Maybe one reason I named this blog for an actual historical figure and not for some mythological one or an abstract idea or something is that I wanted to keep myself tied down, even in an inconvenient way, to real history in looking at politics and history and religion.
I've written here about what I see as the strengths of Andrew Jackson's Presidency and the democratic movement that was associated with his name: expansion of democratic rights, the beginnings of pro-labor politics in the US, the identification of American patriotism and nationalism with democracy, an active defense by the federal government of the liberties of the people against the power of organized money and concentrated wealth, the successful opposition to the early pro-slavery secessionist movement.
I've also written about the dark sides of Jackson's legacy, especially his bad policy on Indian removal. I don't believe that I have ever tried to portray him as any kind of Abolitionist, although his assistance of Frances Wright's abolitionist utopian colony in Tennessee showed that he wasn't completely allergic to it, either. And I've talked about how the Jacksonian democratic movement expanded far beyond the form it took during Jackson's Presidency.
Historical purism is a real temptation, including for me. So identifying myself with the positive legacy of a less-than-perfect leader is a kind of grounding of perspective for me. Real government and real political movements are made by imperfect human beings. Even if some Hegelian World Spirit is driving history to some future ideal state, it's flesh-and-blood human beings who handle the details of the trip. (Actually, an Hegelian World Spirit probably wouldn't be satisfied with any ideal state, but that's a question for a different post.)
When I visited Buenos Aires earlier this year, I took a tour of the Presidential Palace there, the Casa Rosada. In the entrance halls, there are large portraits of numerous figures from Argentine and Latin American history, both recent and more distant. They include Juan and Eva Perón, Tupac Amaru II, Ernesto "Ché" Guevara (an Argentine native), and Archbishop Óscar Romero of El Salvador.
None of these mean that the government of Argentina or President Critina Fernández wants to follow Juan Perón's more authoritarian domestic-policy inclinations nor his admiration for aspects of Italian Fascism. It doesn't mean that Fernández wants to get up guerrilla wars in Bolivia or the Congo. It doesn't mean that Argentines look forward to a native uprising against non-aboriginal-descended Argentines. It doesn't mean that they want to idolize the hierarchy of the Argentine Catholic Church.
(On the other hand, I'm pretty sure the photo of US President George W. Bush in the courtyard outside the Casa Rosada in which it looks like he's picking his nose probably was meant to express some disapproval of Bush and American foreign policies.)
However historians may dissect their legacies, those figures represent positive things in present-day Argentine democracy: a vibrant popular democracy that supports the rights and needs of workers; a rejection of colonial/neocolonial domination; international solidarity; defense of human rights against dictatorial repression.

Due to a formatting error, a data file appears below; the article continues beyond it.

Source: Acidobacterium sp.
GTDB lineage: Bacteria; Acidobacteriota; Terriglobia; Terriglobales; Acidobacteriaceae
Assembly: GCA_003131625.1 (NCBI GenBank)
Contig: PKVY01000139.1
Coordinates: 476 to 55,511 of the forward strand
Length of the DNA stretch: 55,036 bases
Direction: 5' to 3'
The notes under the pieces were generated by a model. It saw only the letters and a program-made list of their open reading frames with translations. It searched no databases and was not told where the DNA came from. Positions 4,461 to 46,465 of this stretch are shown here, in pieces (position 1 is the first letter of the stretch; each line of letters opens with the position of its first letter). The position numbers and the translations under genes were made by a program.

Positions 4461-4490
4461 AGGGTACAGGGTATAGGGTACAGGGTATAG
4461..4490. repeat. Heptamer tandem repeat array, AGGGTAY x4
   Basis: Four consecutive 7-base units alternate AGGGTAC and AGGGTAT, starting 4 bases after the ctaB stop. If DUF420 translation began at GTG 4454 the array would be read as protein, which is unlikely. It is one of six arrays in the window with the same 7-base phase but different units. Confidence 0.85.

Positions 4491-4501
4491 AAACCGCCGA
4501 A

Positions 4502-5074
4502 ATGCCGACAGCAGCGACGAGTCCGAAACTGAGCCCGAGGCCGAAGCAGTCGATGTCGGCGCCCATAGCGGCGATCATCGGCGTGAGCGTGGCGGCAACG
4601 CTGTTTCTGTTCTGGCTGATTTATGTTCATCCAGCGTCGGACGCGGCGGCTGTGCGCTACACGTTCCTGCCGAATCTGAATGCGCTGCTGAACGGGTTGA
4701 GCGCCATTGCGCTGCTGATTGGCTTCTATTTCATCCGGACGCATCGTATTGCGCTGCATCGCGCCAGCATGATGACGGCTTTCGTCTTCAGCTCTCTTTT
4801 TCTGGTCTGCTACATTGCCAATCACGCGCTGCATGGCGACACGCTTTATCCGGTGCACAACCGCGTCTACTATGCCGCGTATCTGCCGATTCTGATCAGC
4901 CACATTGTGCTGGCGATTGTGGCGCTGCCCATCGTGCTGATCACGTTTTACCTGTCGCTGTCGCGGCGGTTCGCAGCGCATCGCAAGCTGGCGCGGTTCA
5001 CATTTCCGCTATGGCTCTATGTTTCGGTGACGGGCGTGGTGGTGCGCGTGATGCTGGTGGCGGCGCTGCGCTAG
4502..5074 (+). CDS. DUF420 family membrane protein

And those real images from history tie them in a visual image linked to the real history of the country and the region. They do represent a kind of secular mythology. But it's a deeply-entrenched way of representing ideals and tying them to the real possibilities of the world as it is, while inviting people to look beyond the world as it is.
The reality is that the generally (if by no means universally) shared ideals of equality and equal rights in the United States and other advanced democracies in 2012 were not the prevalent ideals of the first half of the 19th century. Women's equality, even women's right to vote, was scarcely on the horizon of the political vision of most of the more radical reformers at the time. Militant Abolitionists were widely regarded as, at best, irritating troublemakers and, at worst, dangerous subversives and traitors. Whites who opposed slavery also were often opposed to the presence of free blacks in their area, because they associated the presence of any blacks with slavery. The thoroughly unrealistic, impractical idea of sending freed slaves back to Africa was seriously entertained by opponents of slavery like Thomas Jefferson and Abraham Lincoln.
In fact, the only major figure in American history prior to the Civil War that I know of who generally accepted and advocated 2012-style ideas about racial and gender equality and democratic rights was John Brown. You know, John Brown who carried on armed civil war against advocates of slavery in "Bleeding Kansas," and was executed for armed treason against the State of Virginia? I've written here at this blog quite a bit about Brown. And I think anyone reading those posts would conclude - correctly - that I regard Brown's actions as a guerrilla fighter in both Kansas and Virginia as morally and politically justified in the very specific context of the fight against slavery at the time.